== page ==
We know the initial temperatures of the piece (especially if it’s been sitting outside for any length of time); we know about the material’s thermal conductivity and heat capacity as a function of temperature; we know the piece’s dimensions and density; and we know how much of every region of the piece’s surface is either visible to the furnace environment, or in contact with a hearth, support beam or roller or rack, or adjacent to another workpiece. If we know the temperature of the furnace (and contact points like hearths, beams, rollers, or racks) then we can break the piece down into regions along an internal cross-section and apply calculations that give us the temperature at each region within the piece.
This technique allows the control system not only to calculate values for control variables that cannot be measured, it allows the system to predict a future state of the values at some point in the future based on multiple future events. First, the future event is determined to be the time each workpiece is discharged from the furnace. Since there are almost always multiple pieces in a furnace at any time, the current state is simulated forward in time, considering the movement of the pieces (based on movement rules and opportunities, the current operating pace, scheduled events, and other possible factors) and the operation of the temperature control system of the furnace itself (it assumes the furnace temperature will move toward setpoints at different rates depending on the current rate of fuel and air flow), until each piece has left the furnace (in the simulated future). If the furnace’s zone temperature setpoints and movement operations are expected to cause the workpieces to be discharged at the correct average and differential temperatures, then the zone and movement setpoints aren’t changed. If the discharge results vary from the goal then the system’s setpoints are adjusted. This process is iterative and runs every few seconds.
This figure shows a simulation tool I wrote that graphically displays the current and predicted discharge temperature of workpieces in a two-line tunnel furnace (or rolling hearth furnace) with complicated movement rules. A separate caster injects warm workpieces into the charge end of each furnace. The swivel sections rotate to allow pieces to transfer from line B to line A, where they can be discharged to the single, six-stand rolling mill. The lower graphic shows the current temperature at each internal and surface node in the workpiece while the upper graphic shows the predicted discharge temperature at each node. Both depictions show the current location of each workpiece.
This animation (which I wrote) shows how the pieces move through a two-line tunnel furnace that uses shuttle sections instead of sections that swivel. In this case only the current temperatures and locations of the workpieces are shown. You can see how the top an bottom surfaces cool as the discharging piece make their way from the furnace exit to the first mill stand. The surfaces not only lose heat to the atmosphere but also to the jets of water sprayed on to remove surface scale.
This figure (which I also wrote) shows how the current and predicted discharge temperatures were displayed in a three-zone, two-column pusher furnace where the first two zones are top- and bottom-fired and the slabs rest on pairs of narrow beams while the third and final zone (to the right) is top-fired only and the slabs rest on a solid hearth.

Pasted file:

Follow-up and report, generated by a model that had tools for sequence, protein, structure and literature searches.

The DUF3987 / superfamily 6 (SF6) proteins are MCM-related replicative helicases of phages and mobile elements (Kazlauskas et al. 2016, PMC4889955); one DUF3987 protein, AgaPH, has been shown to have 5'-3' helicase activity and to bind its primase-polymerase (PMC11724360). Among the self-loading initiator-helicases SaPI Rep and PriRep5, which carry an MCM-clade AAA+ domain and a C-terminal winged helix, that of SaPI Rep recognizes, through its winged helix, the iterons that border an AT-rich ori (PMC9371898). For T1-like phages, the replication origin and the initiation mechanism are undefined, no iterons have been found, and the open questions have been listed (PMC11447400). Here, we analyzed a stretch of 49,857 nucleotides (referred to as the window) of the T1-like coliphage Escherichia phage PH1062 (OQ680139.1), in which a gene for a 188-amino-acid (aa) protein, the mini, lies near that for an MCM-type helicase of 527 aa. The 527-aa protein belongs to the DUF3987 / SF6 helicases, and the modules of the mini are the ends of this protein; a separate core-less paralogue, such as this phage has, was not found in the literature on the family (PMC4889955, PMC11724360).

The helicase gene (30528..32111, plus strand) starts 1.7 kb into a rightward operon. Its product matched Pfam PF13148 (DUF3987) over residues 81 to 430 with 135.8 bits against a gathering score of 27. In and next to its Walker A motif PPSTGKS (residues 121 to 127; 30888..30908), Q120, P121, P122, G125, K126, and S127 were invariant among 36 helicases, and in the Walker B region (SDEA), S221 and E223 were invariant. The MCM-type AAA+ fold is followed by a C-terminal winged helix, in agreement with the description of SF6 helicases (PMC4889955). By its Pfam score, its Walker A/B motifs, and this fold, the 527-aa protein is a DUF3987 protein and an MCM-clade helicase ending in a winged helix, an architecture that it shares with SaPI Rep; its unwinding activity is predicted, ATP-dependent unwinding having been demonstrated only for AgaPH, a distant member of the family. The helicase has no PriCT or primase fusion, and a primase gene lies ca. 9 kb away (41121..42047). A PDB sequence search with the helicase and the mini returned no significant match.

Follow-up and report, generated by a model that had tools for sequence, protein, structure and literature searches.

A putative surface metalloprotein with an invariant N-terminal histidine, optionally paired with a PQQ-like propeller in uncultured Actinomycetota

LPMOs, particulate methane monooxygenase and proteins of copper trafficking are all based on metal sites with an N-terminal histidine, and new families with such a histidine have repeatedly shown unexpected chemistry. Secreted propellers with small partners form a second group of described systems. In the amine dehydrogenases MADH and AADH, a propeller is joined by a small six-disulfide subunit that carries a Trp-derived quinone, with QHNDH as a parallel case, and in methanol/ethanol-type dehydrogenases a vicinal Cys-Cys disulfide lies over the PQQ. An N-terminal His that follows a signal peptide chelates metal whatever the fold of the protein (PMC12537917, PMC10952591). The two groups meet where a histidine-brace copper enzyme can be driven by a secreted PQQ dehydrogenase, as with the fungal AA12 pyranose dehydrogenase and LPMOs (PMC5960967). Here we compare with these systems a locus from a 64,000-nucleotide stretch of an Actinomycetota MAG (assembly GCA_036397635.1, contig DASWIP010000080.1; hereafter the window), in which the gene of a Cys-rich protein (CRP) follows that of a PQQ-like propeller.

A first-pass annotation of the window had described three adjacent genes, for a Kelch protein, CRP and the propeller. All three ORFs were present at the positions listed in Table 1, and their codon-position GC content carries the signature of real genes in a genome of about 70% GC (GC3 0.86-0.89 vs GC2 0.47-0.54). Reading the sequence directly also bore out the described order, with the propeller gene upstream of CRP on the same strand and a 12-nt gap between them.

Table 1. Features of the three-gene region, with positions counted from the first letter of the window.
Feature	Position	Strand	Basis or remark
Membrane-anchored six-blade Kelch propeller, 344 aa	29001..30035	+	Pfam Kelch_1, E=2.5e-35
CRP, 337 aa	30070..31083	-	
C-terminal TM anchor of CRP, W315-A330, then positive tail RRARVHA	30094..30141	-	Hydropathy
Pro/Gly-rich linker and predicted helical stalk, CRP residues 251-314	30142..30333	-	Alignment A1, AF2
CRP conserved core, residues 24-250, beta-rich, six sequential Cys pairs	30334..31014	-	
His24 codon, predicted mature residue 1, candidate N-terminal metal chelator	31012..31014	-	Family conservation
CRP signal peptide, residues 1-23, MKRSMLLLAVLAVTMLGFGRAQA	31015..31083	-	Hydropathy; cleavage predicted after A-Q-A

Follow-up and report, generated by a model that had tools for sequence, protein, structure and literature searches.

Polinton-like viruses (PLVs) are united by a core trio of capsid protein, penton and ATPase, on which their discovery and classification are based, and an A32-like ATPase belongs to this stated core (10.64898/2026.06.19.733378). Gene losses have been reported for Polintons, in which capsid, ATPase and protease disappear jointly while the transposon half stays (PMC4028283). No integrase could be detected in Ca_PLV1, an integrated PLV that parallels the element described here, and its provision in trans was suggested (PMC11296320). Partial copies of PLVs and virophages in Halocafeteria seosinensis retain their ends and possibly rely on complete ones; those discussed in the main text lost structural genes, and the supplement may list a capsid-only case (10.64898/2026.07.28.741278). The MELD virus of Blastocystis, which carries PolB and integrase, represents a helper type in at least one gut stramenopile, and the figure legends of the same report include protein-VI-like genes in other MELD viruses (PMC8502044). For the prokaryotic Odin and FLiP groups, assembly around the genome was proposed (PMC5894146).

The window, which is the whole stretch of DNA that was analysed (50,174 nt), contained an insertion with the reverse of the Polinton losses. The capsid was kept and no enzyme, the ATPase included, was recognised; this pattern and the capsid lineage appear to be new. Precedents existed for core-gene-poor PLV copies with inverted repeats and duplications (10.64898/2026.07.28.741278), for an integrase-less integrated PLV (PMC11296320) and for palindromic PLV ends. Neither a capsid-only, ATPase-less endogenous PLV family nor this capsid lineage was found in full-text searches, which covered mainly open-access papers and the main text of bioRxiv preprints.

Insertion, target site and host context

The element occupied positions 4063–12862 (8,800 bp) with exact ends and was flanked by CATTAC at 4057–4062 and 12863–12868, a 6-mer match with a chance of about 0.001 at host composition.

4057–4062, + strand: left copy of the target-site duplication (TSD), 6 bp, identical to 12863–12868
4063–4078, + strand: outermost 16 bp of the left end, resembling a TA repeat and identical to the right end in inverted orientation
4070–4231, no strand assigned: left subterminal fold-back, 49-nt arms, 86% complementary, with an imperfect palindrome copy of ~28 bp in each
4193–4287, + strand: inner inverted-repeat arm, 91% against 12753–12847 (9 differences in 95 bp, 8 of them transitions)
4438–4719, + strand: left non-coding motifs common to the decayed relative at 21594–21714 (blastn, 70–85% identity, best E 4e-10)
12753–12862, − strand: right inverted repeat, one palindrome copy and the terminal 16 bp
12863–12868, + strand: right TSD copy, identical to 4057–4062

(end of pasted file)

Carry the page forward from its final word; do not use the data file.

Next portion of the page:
There are a lot of ways to configure such systems as you can see.
A colleague of mine managed the implementation of a real-time system that would tell the operators of land border ports of entry when to open and close primary inspection booths based on the length of queues of vehicles waiting to be processed, with the goal of ensuring that wait times were never more than a preset duration. The system was based on continually measuring the length of the queue, determining how many vehicles the queue must contain, and assuming that the average processing time and variations in processing time would hold to historical norms. It would start from an initial condition based on the sensors, simulate the inspections of all vehicles waiting in the queue, and determine how long the process was expected to take. We used the standard simulation for design and process improvement analyses; it could be run about once every twenty minutes.
If the process was expected to take more than a specified time then an officer would be dispatched to open another booth so the inspection rate could be increased. If the wait was about the expected time then no changes would be made. If all of the waiting vehicles could be processed in a short enough time then the managers could close a booth and free up an officer for other duties or to go home. This is an example of a discrete process using a form or model predictive control because the process is dealing with discrete entities (or agents) and events.
As it turns out the systems was developed and paid for but never fielded. The customer was not sufficiently confident of the readings provided by the queue length sensors, the practical variability of the inspection times was too great, the reliability of the system was not adequate, and the customer did not want to be bound to the system’s suggestions (in part because the port did not always have enough officers to perform the required inspections). That said, I think we can expect this kind of thing to become more widespread in the future.